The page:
TVA asks for feedback on how to replace power loss when Kingston plant

TVA is looking at how or whether to replace its Kingston Fossil plant with a new source of power.

The utility is focusing on natural gas or solar as future options.

TVA stated on its website that it proposes to retire three of the Kingston Fossil Plant units between 2026 and 2031 and the remaining six units between 2027 and 2033 “dependent on when replacement generation could be constructed and brought online.”

The utility’s working on a study and report regarding the different options. At a virtual public meeting last week, TVA officials responded to questions submitted to them.

“Our hope is by the time we release our draft we’ll host an in-person meeting,” said Chevales Williams, TVA’s specialist on the National Environmental Policy Act, a federal law that lays out the process TVA follows. TVA stated on its official website that it hopes to have that report and ask for comments on it by late next year.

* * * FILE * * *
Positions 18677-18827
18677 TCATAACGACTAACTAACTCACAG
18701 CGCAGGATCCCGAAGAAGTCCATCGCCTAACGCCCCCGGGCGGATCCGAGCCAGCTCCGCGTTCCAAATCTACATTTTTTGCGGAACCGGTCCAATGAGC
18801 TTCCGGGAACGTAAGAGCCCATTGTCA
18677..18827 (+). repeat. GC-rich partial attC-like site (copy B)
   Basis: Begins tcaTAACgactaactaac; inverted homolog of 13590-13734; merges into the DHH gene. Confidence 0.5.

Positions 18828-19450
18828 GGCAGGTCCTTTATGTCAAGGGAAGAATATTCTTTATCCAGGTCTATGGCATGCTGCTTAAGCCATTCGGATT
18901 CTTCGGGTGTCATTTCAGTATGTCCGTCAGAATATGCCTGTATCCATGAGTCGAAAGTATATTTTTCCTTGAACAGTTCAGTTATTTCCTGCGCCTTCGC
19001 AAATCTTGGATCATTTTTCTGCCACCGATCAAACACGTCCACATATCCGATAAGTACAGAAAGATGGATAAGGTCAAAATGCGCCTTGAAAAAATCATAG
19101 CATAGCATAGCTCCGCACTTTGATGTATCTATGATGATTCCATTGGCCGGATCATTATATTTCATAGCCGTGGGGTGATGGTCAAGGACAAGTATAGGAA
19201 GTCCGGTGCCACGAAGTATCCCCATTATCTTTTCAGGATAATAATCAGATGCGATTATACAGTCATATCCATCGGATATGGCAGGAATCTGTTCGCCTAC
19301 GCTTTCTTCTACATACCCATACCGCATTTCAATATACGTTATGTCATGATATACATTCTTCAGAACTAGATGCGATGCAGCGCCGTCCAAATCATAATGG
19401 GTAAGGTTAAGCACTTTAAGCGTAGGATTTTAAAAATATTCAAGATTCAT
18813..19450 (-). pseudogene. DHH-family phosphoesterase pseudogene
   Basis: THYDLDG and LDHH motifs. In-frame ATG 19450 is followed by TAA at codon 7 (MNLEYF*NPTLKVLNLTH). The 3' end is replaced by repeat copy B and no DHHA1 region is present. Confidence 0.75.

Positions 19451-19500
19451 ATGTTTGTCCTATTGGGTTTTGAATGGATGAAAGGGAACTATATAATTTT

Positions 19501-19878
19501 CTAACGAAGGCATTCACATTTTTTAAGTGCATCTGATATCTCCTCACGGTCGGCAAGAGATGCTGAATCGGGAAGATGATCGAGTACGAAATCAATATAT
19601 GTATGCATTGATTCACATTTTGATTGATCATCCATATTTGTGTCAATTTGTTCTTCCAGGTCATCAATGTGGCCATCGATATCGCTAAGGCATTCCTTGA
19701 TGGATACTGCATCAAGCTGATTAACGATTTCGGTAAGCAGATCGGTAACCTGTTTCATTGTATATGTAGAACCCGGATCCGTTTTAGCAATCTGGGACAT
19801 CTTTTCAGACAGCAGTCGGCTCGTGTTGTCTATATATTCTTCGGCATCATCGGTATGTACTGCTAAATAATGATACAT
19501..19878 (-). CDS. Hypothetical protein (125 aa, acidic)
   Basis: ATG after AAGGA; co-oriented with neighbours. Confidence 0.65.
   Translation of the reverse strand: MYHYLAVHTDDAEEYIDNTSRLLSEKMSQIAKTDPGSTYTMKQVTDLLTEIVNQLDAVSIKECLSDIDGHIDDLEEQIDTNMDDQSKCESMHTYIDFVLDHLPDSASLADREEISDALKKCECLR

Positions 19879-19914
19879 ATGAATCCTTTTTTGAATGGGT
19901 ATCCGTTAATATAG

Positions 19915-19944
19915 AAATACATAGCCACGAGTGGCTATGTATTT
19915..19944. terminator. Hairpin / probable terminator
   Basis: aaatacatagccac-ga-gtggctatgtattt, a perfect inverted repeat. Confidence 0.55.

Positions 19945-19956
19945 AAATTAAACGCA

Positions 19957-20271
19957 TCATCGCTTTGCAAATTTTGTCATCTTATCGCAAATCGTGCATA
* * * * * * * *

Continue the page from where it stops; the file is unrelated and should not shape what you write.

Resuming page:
TVA Kingston Fossil Plant located in Roane County, just outside Kingston on Watts Bar Lake, Monday, Jun. 2, 2014.

TVA specifically stated on its website that it is looking for views on what environmental resources and impacts it should consider in making the decision, sources of information at which it should look, and organizations with which TVA should work. It also asked if there are any other options it should consider.

On its website, TVA stated its coal plants generally are “among the oldest in the nation” and are having trouble with performance. It described the coal plants as “contributing to environmental, economic and reliability risks.” It plans to have another source of power generation to replace the plant. The utility stated Kingston Fossil Plant  has required “low boiler drum” repairs, which it said were a sign of the plant’s age and hard to address.